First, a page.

Even though Vos made his reputation as a biblical theologian, he considered systematic theology the “crown” of Christian theology. Theological liberals of the 19th and 20th centuries were actually hostile to systematic theology and sought to replace it with biblical theology, sometimes even accusing systematic theology of being unbiblical.12Regarding biblical theology, Vos wrote, “It were useless to deny that it has been often cultivated in a spirit more or less hostile to the work in which Systematic Theology is engaged. The very name Biblical Theology is frequently vaunted so as to imply a protest against the alleged un-Biblical character of Dogmatics. I desire to state most emphatically here, that there is nothing in the nature and aims of Biblical Theology to justify such an implication. For anything pretending to supplant Dogmatics there is no place in the circle of Christian Theology. All attempts to show that the doctrines developed and formulated by the Church have no real foundation in the Bible, stand themselves without the pale of Theology, inasmuch as they imply that Christianity is a purely natural phenomenon, and that the Church has now for nineteen centuries been chasing her own shadow. Dogmatic Theology is, when rightly cultivated, as truly a Biblical and as truly an inductive science as its younger sister.” Vos, “The Idea of Biblical Theology,” in Redemptive History and Biblical Interpretation, 23. Vos would have none of this. As far as he was concerned, “Dogmatics [systematic theology] is the crown which grows out of all the work that Biblical Theology can accomplish.”13Ibid., 24.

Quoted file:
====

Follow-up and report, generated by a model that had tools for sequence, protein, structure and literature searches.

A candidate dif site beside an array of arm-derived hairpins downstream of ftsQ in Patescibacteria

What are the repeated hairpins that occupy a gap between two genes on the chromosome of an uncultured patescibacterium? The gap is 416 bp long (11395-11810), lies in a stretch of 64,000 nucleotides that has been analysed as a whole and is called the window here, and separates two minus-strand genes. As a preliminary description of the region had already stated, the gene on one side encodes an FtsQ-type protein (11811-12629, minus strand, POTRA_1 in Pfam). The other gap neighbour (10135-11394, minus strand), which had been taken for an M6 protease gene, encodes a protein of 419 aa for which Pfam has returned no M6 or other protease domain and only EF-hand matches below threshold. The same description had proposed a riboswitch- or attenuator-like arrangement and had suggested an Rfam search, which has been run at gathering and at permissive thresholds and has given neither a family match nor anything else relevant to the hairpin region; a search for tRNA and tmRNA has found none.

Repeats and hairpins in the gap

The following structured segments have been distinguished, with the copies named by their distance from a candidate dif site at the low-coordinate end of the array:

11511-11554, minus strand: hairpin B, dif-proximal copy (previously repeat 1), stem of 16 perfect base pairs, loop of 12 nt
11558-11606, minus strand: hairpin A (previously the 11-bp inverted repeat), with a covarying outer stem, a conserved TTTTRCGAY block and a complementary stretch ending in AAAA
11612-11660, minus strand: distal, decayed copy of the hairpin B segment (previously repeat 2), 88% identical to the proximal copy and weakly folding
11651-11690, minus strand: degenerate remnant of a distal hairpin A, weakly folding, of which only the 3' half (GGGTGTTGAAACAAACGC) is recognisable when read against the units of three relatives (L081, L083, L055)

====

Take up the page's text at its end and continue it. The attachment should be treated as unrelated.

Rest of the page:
So the brand of biblical theology that Vos pursued was of a newer vintage, one capable of opening the minds of many evangelicals to the fruitful possibilities of the newer discipline. It would serve to support the goals of systematic theology, not undermine it, much less eliminate it.

But not every evangelical who jumped on the biblical theology bandwagon did so with pure motives. As the 20th century progressed, many were actually joining a movement to restore evangelicalism’s intellectual reputation in the academy. As the title of one recent book puts it, they wanted “a place at the table.”14John A. D’Elia, A Place at the Table: George Eldon Ladd and the Rehabilitation of Evangelical Scholarship in America, (Oxford, UK and New York, NY, USA: Oxford University Press, 2008). It was fairly well known before this book appeared Ladd’s failure to receive the respect of his liberal academic peers drove him to depression. As D’Elia reveals, it also drove him to drink. At times it was less about faith seeking understanding than it was about scholars seeking respect.